Haunted by the past
THE spectre of history looms large on Norfolk Island, so little wonder it’s awash with ghost stories. Measuring only 34.6sq km, this South Pacific wonder is said to be the most haunted place in Australia, with more documented ghosts per square kilometre than any other state or territory.
Canadian website The Paranormal lists Norfolk as No.4 in the world’s most haunted islands.
An Australian territory, about 1600km north-east of Sydney, Norfolk is wildly picturesque and ruggedly remote, and attracts 30,000 visitors annually.
Its lonely walks, deserted beaches, chilling graveyard headstones and eerie ruins are enough to give anyone the heebie-jeebies – especially after dark.
Even 80 years ago, mainland Aussies were intrigued by other-worldly beings and inexplicable phenomena some people had encountered there.
The Western Star in Roma reported on September 23, 1939, in an article on the Ghosts of Norfolk Island that among the ruins and in some of the buildings of the convict era, wandering spirits had made friends with some of the residents of the time.
“Quality Row, where most of the official houses stand, has its eerie tales,” the report noted.
“Soldiers in the colourful uniforms of old and Empire-gowned and crinolined ladies are said to have revisited their old homes, and the clanking of the chain gangs is held to re-echo at times.”
Today, Norfolk Island remains haunted by its past. A third of the population of 1700 can trace its lineage to Fletcher Christian
and his eight mutineers from the Bounty.
Along with their Tahitian-Polynesian wives, they occupied remote Pitcairn Island for almost 20 years before being granted their new Norfolk Island homeland on June 8, 1856.
But the two earlier penal settlements on the island can lay claim to being the bloodiest stain on Norfolk Island history.
The first settlement started on March 6, 1788, only six weeks after the First Fleet had arrived at Botany Bay to establish the penal colony of New South Wales.
The commandant, Lieutenant Philip Gidley King, arrived with a skeleton crew of seven free men and 15 convicts to make masts and sails from the Norfolk pines and flax for British ships, and prevent the French from laying claim to the island.
As the island of the damned increased its convict population, and fertile soils saw crops prosper, Norfolk’s role changed to feeding a starving Sydney settlement and providing a labour camp for the worst of its criminals.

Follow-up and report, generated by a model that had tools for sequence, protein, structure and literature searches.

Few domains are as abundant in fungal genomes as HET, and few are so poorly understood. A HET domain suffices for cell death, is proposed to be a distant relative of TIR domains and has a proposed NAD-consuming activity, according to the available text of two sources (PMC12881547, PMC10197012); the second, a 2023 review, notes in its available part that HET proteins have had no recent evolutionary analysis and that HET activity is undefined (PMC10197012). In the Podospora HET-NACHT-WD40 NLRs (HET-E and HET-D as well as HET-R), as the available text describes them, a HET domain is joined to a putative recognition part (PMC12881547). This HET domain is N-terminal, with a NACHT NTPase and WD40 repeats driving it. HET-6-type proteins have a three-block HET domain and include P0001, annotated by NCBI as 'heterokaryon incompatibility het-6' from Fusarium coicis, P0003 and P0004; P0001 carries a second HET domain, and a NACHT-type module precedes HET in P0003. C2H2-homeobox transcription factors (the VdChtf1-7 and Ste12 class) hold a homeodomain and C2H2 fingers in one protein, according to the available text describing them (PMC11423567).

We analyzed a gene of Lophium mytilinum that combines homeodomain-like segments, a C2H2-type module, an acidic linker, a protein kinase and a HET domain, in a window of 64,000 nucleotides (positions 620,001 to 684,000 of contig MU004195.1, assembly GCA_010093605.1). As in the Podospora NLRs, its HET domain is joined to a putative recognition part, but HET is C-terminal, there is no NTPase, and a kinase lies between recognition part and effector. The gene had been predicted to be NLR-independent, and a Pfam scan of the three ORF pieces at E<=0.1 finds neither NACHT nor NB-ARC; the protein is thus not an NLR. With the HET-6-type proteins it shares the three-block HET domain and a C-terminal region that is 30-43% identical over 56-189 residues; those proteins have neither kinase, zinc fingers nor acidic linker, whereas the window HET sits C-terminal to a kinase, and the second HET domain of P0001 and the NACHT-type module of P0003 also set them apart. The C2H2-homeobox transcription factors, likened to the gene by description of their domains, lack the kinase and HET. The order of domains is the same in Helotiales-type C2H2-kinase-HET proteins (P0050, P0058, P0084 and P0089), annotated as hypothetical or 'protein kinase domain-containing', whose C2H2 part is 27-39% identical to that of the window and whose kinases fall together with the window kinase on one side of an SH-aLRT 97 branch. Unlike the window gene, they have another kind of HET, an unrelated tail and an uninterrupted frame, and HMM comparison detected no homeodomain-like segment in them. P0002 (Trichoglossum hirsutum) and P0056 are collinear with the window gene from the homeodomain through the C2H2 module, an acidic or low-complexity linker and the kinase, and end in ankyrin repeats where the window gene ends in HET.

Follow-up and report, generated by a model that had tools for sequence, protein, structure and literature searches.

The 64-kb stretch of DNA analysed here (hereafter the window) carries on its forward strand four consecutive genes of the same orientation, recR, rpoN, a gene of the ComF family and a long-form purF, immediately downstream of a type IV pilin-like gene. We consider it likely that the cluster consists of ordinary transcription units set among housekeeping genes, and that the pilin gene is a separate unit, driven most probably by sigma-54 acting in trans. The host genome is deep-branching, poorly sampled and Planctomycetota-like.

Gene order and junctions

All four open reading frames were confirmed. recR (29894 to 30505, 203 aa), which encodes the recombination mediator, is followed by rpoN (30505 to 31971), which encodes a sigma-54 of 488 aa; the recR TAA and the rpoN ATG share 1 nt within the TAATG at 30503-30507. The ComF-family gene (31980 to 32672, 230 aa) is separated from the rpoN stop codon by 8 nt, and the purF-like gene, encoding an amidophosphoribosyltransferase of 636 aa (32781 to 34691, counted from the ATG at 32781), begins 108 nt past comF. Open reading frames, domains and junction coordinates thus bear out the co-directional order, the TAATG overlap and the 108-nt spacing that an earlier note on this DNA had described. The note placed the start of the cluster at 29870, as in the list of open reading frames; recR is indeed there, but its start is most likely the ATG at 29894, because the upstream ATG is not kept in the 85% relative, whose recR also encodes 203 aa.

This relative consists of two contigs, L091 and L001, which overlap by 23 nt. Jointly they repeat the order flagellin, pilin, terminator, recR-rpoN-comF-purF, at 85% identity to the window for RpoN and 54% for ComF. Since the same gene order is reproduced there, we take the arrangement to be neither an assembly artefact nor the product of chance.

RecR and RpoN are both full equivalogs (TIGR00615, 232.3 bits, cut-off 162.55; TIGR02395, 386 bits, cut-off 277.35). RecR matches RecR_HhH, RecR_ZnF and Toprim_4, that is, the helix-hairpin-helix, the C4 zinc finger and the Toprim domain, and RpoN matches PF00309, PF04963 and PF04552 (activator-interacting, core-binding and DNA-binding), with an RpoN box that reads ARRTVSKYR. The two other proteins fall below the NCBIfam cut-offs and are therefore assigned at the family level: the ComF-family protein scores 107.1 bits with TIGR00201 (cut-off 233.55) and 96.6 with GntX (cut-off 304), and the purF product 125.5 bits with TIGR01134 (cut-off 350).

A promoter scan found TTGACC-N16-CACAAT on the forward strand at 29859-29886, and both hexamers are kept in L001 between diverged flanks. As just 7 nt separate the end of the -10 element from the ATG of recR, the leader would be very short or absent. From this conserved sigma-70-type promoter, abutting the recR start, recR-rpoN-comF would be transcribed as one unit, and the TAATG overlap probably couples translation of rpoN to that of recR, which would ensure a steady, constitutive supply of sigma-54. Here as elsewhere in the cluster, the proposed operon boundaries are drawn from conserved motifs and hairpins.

But by 1814, the once-thriving settlement of more than 1000 had outlived its purpose. Buildings were razed or taken down stone by stone to make the island less hospitable for passing ships and escaped convicts.
The old capital, Kingston, rose from the dead with the second penal settlement (from 1825 to 1855).
It was where the worst felons were sent, by order of the Governor of New South Wales, Sir Thomas Brisbane.
Heavy chains were the norm. Torture, lashings and solitary confinement were common for petty misdemeanours, and hard labour meant hard labour with the scarcest of food rations as sustenance.
A stroll through the island cemetery today sends a shiver through any spine with inscriptions in black and white telling of sorry ends through murder, execution and drowning.
But nearby Quality Row – the main street of World Heritage-listed Kingston, the old capital of Norfolk Island – is where I may have had my own ghostly encounter.
The Research Centre at No 9 Quality Row is an elegantly restored Georgian cottage, built in 1839 as the home of the Royal Engineer.
The servants’ quarters in the rear courtyard host the dessert leg of one of the progressive dinner tours available on Norfolk and I admit a chill swept over me as I flicked through the photographs afterwards.
A phantom presence – almost like a head and body with three arms raised in surrender – appears on a wall in one photograph, and a glass window in another.
For ghost hunters and those in the land of the living who enjoy being chilled to the bone with real-life history, Norfolk Island offers a number of ghost tours.
Ships including the HMS Sirius in 1790 have been wrecked on the reef at Kingston.